Angie Thomas, author of “The Hate U Give,” is at once warm, funny and unapologetically blunt about race and being black in America.
Speaking at First Parish Church in Cambridge with WBUR’s Robin Young on Tuesday about her debut novel, she encouraged the audience — particularly young people — to embrace her refrain of speaking up, and speaking out.
“The Hate U Give” — with an intentional "U" so the first letters of each work spell "thug" — centers on Starr Carter, a 16-year-old black girl straddling the two distinct worlds of her poor black neighborhood and her rich suburban prep school, and the turmoil she experiences after witnessing a cop shoot her unarmed friend.
“Starr was my love letter to so many girls that I knew, who lived in neighborhoods like mine,” said Thomas, referencing her own experience in Mississippi going to an upper-class, Christian college “while living in the hood.”
Watch the full Facebook Live event here, or below:
Thomas’ conversation with Young stretched beyond the specifics of the novel. She dropped both insight and sharp one-liners about Black Twitter, code switching, Tupac Shakur and hip-hop (one of her inspirations), the Black Panthers, her reticence to read as a teenager and the Young Adult genre, among others.
“It’s always another white girl in distress,” she said about her problems with the YA choices as a teenager, specifically referencing the “Twilight” series. “I mean, how many problems can you have?”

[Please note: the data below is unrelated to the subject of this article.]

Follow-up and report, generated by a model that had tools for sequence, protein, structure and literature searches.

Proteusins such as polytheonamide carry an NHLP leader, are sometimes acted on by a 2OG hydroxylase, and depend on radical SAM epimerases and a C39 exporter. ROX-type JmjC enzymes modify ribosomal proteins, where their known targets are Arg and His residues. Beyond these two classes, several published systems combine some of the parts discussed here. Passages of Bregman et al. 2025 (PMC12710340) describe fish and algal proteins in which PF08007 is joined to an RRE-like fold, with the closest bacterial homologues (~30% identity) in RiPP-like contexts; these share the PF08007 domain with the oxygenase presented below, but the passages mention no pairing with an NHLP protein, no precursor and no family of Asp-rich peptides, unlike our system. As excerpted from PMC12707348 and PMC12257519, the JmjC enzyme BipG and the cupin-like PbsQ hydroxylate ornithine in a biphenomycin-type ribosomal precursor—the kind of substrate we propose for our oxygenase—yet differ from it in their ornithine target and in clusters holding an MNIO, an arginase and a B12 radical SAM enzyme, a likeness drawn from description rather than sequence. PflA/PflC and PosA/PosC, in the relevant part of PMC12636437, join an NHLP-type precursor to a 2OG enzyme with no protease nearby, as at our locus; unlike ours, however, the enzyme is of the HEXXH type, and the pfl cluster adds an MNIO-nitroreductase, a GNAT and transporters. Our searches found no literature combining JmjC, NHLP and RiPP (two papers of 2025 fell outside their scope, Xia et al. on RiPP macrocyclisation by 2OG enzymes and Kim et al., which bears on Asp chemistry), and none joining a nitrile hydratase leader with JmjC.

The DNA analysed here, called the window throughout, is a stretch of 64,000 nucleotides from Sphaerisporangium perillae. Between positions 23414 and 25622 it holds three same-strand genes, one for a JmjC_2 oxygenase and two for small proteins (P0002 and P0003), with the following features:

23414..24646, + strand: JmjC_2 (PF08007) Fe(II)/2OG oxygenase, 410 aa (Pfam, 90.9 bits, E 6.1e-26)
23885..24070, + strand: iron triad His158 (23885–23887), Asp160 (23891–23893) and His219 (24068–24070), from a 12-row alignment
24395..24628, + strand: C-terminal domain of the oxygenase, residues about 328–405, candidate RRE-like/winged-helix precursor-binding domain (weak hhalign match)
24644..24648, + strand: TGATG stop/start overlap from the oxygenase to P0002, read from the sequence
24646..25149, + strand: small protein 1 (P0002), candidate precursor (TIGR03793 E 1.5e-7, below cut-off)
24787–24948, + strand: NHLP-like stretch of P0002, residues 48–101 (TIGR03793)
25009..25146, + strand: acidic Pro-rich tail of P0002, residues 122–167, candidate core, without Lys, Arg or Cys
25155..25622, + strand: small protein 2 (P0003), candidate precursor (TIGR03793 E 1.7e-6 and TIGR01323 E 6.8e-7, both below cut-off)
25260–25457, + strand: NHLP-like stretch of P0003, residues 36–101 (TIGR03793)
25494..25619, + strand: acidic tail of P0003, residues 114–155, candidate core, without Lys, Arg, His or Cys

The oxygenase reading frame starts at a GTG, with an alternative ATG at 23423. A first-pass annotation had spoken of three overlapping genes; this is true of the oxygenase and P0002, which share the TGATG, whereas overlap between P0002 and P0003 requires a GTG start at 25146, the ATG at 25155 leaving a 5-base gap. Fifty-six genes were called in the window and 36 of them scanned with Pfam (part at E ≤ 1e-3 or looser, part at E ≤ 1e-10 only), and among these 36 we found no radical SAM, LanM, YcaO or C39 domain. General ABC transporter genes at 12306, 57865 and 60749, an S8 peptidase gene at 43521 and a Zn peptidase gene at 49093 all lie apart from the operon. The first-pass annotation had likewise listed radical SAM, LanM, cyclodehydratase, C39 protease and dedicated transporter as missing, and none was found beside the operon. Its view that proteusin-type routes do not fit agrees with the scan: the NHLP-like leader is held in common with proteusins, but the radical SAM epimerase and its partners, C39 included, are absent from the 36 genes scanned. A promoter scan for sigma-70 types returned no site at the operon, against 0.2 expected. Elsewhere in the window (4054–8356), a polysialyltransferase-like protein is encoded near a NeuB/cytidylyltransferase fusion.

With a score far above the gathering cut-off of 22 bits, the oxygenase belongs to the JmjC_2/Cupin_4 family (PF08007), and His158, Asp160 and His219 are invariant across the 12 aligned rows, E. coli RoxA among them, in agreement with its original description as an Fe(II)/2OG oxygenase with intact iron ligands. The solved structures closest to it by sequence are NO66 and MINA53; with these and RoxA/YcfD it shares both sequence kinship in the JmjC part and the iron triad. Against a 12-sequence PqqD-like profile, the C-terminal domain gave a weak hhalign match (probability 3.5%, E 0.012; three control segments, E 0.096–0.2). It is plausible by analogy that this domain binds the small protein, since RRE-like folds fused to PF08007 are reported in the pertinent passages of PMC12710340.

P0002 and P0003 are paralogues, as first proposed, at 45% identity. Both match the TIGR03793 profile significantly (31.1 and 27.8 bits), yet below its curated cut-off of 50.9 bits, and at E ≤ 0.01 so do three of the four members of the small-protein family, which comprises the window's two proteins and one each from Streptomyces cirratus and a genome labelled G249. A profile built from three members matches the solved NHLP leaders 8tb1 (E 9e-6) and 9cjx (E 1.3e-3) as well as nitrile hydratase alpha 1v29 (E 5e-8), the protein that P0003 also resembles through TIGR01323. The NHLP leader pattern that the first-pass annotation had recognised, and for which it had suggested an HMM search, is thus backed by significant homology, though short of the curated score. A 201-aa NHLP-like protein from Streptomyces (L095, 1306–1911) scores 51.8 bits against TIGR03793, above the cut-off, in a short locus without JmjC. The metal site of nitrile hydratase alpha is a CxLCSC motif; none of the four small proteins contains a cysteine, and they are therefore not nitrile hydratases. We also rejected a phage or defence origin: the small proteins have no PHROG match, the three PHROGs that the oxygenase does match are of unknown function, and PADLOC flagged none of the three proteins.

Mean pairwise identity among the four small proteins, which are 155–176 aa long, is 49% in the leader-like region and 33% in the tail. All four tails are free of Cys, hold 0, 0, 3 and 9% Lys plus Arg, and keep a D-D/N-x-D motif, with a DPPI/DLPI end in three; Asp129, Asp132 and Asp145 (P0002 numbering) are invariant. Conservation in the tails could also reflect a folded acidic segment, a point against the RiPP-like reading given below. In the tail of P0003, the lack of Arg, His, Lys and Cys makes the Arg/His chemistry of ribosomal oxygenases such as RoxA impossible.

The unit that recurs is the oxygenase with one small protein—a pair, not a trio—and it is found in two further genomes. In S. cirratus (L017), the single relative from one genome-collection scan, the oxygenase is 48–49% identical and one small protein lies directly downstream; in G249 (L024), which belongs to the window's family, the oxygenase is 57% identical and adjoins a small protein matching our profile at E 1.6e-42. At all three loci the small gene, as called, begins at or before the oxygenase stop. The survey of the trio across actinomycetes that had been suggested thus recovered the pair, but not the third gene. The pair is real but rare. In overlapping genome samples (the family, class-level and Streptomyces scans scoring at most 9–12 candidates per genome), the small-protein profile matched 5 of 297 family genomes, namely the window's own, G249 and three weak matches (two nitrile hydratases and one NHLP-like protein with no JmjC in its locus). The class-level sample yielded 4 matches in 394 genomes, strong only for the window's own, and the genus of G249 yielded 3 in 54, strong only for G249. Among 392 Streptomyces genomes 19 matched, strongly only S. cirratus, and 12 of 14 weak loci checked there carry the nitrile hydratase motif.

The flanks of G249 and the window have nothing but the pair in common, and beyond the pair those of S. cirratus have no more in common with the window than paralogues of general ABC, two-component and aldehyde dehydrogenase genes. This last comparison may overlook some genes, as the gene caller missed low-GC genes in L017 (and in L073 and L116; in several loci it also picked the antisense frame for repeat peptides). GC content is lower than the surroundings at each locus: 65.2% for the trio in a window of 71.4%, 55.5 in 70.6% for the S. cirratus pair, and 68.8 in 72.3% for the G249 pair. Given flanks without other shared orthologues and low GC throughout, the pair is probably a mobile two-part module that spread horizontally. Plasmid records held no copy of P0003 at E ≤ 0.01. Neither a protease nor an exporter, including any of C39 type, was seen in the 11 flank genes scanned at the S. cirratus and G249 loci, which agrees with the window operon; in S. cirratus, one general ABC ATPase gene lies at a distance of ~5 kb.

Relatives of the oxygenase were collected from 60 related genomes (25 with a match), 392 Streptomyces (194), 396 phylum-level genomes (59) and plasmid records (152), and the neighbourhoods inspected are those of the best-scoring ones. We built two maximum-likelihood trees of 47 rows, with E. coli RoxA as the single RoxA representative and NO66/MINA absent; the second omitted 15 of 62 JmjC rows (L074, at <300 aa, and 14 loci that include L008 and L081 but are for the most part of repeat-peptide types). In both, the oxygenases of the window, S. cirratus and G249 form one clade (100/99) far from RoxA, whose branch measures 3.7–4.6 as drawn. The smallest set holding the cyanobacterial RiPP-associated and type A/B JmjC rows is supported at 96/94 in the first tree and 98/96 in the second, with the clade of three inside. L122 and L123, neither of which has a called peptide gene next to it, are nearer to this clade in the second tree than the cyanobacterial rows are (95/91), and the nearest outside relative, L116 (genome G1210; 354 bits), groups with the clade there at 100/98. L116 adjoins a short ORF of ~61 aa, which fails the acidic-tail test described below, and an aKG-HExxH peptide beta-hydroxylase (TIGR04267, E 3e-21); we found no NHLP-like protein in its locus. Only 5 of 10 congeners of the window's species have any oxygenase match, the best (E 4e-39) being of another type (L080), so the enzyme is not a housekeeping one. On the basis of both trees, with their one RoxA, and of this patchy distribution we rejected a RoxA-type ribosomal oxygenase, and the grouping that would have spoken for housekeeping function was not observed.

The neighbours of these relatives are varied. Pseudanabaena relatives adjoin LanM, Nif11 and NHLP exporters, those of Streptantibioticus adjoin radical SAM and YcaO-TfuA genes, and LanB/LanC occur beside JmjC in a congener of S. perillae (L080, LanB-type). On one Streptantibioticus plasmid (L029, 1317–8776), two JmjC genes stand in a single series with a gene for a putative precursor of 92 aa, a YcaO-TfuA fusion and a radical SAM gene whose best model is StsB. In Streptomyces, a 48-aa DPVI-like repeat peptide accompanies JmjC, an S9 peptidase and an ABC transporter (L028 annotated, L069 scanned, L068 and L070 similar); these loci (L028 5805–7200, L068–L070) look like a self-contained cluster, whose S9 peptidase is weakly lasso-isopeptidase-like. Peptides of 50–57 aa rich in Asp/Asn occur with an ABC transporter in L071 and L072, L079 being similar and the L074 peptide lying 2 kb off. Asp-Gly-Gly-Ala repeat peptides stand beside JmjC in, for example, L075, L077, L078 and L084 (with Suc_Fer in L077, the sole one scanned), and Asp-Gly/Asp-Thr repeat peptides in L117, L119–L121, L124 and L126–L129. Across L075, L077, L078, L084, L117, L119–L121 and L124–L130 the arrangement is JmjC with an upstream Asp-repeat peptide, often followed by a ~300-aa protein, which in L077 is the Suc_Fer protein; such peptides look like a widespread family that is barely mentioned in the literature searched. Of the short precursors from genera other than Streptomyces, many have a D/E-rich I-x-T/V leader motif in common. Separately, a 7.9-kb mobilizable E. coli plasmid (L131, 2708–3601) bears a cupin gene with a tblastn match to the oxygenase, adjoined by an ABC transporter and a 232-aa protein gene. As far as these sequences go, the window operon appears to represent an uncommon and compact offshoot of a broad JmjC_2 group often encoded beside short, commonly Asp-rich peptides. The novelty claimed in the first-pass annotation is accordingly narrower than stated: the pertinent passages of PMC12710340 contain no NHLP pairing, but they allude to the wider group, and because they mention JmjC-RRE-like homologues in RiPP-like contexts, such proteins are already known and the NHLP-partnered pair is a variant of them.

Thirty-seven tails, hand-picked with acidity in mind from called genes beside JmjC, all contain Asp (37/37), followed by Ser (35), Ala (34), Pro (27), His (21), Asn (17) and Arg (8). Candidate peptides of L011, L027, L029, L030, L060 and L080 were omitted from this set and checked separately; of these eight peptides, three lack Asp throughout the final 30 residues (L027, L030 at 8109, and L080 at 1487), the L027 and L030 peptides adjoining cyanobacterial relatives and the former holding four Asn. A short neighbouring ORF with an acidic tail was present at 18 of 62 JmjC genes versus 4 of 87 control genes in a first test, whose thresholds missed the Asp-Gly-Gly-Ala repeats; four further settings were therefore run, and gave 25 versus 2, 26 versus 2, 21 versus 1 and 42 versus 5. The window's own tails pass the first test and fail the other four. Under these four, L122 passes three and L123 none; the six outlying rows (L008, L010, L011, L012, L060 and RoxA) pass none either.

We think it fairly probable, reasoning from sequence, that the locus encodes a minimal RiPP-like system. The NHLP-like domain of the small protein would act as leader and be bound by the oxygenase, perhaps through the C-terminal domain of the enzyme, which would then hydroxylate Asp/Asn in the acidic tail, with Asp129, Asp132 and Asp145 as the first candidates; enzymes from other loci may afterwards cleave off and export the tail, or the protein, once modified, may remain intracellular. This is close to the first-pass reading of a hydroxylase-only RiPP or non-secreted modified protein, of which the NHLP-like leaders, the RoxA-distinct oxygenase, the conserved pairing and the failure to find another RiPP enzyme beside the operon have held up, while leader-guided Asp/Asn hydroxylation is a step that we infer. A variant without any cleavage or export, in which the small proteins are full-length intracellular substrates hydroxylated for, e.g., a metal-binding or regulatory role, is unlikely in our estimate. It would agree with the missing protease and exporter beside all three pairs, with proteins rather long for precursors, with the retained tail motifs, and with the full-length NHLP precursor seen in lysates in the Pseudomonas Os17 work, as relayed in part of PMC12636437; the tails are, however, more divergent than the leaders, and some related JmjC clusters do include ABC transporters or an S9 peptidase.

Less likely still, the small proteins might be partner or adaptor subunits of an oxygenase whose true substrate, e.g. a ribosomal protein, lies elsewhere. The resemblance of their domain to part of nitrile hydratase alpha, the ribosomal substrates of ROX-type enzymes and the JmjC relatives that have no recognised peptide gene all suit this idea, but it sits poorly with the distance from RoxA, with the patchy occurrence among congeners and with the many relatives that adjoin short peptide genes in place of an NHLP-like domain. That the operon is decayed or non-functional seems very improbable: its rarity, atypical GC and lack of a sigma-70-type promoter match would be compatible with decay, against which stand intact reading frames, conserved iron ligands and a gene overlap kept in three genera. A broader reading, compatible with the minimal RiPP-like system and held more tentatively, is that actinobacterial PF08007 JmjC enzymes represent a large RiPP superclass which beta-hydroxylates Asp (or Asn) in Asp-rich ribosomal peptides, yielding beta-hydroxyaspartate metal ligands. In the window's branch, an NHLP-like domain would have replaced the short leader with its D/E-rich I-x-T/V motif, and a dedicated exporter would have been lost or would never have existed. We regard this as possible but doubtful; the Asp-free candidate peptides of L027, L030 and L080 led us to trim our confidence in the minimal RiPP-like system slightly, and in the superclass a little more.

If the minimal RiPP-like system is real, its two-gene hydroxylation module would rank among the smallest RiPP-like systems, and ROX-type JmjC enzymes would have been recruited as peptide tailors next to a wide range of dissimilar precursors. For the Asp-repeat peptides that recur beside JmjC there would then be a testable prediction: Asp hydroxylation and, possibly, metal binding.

The audience erupted in laughter, cheers and applause, a common response to her declarative statements about race that are frequently tiptoed around, a point Thomas acknowledged.
“As a black author, I’m sometimes afraid I say too much,” she said. “[But] why be silent? Why hold back? ... Why should we care about anyone else’s discomfort to make our pain known?”
The audience included a diverse mix of students, teachers and community members. In the approximately 45 minutes of Q&A following the initial discussion, multiple teenagers and young adults stepped forward with questions about race and racism in the novel and their own lives. Many thanked Thomas for her story, and the representation it provided. Others called the book an inspiration.
“I realized while I was reading the book that she is the first character I’ve read — I’m 23 — which is both relatively young and also feels really old to be the first time I feel I’m reading me on a page,” said one audience member.
As the event closed, Thomas received a standing ovation.
Angie Thomas’ “The Hate U Give” debuted at No. 1 on the New York Times young adult best-seller list, and is currently optioned for a film.